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Course Data - Falmouth University

Funded by the: Jisc e-Learning programme.

Lead Institution: Falmouth University.

Learner Provider Type: Higher Education

Project Duration: January 2012 - March 2013

Key Words: Course Data


Case study tags: course data, process improvement course information, stakeholder engagement, falmouth university

Note: This is an abridged version of this project's final report.  The full version is available here.


Course Marketing Data Collector

Falmouth University

Project Summary

Within the HE sector it has been shown that there is a shortage of accessible information relating to specialist courses like part- time, distance learning, CPD, postgraduate and writing opportunities. As a small specialist institution within the areas of Art, Media, Design, Performance, this further restricts our audience and presents challenges to our potential student base and to our marketing team in terms of advertising and navigating to course information.


Falmouth is committed to developing new types of learning experiences for an expanded student base, this includes work based flexible learning opportunities and non-full time campus based courses at home and internationally.


The work completed under stage one of this funding stream enabled us to complete a high level review of the effectiveness of our current course marketing data creation and reporting processes. This highlighted issues in relation to data inconsistencies and process inefficiencies. In addition the current processes and structures do not readily support inclusion in an automated information feed.


Our project included the development and trial of a new internal online course data management tool, which enables us to collate all marketing-relevant course data from initial proposal through the full lifecycle of delivery.  Our vision was for this to be a dynamic data collection process and external marketing feed (XCRI-CAP) ensuring our visibility to prospective students and other stakeholders as well as providing the most up to date information possible. We hope that this facility will raise our profile and enable choice and comparison with bigger institutions that may have more marketing resources at their disposal.


What did we learn?

Workshops are a good way to engage stakeholders in the project and aid communication between “silo’d” departments. Bringing in and allowing others to hear the issues that exist in a process can aid in solution design.


The ROI from automating the course creation process is not as high as anticipated and the benefits of the work done to date are more qualitative than quantitative, we anticipate data quality and communication improvements to be the biggest improvement.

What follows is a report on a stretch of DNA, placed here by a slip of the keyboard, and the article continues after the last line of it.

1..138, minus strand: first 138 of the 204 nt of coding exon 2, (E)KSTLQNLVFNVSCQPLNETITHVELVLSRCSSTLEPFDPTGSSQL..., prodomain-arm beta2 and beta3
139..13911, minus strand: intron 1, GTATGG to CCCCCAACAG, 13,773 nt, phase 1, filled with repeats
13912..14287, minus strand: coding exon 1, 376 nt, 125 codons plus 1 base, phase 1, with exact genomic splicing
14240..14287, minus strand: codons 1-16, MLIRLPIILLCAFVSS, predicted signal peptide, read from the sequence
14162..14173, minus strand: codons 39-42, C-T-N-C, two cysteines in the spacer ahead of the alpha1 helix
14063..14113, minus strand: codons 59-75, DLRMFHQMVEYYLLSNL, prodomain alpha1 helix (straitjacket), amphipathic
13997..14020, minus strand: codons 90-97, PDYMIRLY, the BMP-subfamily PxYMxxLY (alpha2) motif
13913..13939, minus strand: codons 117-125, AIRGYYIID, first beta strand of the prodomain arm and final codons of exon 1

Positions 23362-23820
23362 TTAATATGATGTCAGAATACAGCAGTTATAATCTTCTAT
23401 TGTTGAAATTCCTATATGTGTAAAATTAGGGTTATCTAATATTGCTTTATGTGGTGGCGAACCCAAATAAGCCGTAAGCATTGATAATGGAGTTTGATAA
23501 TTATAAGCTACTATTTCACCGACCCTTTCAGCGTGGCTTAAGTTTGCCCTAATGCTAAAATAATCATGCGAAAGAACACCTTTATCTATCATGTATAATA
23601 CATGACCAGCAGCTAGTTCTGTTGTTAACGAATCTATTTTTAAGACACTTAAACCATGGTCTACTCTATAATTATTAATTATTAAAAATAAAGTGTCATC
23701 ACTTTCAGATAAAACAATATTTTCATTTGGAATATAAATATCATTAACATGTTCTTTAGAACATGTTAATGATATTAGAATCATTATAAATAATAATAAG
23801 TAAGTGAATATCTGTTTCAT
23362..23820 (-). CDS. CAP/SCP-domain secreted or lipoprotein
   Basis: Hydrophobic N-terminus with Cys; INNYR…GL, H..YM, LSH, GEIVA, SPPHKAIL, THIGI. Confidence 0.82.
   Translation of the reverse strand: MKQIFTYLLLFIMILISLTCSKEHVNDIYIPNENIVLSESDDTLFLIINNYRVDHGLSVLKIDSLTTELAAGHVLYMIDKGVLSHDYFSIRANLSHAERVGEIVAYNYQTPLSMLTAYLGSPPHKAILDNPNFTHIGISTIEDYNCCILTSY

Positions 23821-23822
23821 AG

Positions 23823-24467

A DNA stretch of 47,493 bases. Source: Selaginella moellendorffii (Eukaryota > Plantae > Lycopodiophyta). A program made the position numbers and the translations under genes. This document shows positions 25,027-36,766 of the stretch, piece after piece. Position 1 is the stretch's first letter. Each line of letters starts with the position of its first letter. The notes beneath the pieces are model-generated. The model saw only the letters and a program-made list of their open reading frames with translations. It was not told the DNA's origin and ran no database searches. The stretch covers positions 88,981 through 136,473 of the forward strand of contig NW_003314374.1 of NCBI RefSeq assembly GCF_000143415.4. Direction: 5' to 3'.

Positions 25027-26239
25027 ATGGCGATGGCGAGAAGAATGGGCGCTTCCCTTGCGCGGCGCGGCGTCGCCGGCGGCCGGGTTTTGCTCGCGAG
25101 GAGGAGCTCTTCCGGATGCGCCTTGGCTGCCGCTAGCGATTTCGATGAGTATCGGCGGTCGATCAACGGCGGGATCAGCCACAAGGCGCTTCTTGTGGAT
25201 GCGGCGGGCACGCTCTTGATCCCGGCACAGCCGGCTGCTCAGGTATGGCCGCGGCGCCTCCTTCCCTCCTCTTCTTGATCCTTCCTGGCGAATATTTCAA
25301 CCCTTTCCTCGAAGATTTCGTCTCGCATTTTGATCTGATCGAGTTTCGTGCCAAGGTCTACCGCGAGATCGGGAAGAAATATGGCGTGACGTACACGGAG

As we were unable to fully automate the XCRI CAP feed from our course creation process the maintenance actually creates an additional overhead for the marketing department.


We have found a staged approach to end user testing where technical and project office staff complete initial cycles before allowing business owners to ‘get their hands on the solution’ to be the most effective way at managing user expectations of new systems. If end users are exposed to new systems too early in testing (for example where major bugs still exist) they can find it hard to buy into its effectiveness as a solution.


With hindsight it would have been wiser to get more client engagement with the beta system at an earlier stage of the project, by building in more demonstrations of development in progress, which would have helped us to the problem with the user interface design at earlier on in the development cycle. We utilise a waterfall development technology at Falmouth, but we are exploring utilising a more agile approach to future developments, especially those developments with web user interface design requirements.


Open source development using Drupal where you are building a solution based on utilising existing Drupal modules can restrict your ability to deliver bespoke functionality, which can lead to compromises in design.  Obviously this can be overcome by creating original Drupal modules/developments, but original developments requires a much higher technical skill set and would require a much more rigorous and detailed design phase leading to a longer and more costly development cycle.  


The new requests for external reporting including the KIS, HEAR mean that universities are under real pressure to provide more and more core data electronically.  Where key and complex business processes are only supported by paper based systems this can mean that providing this data is a time consuming and complex process.  Falmouth need to be reviewing where core data that is required for external reporting purposes resides so it can manage and plan the automation of any data collection processes effectively.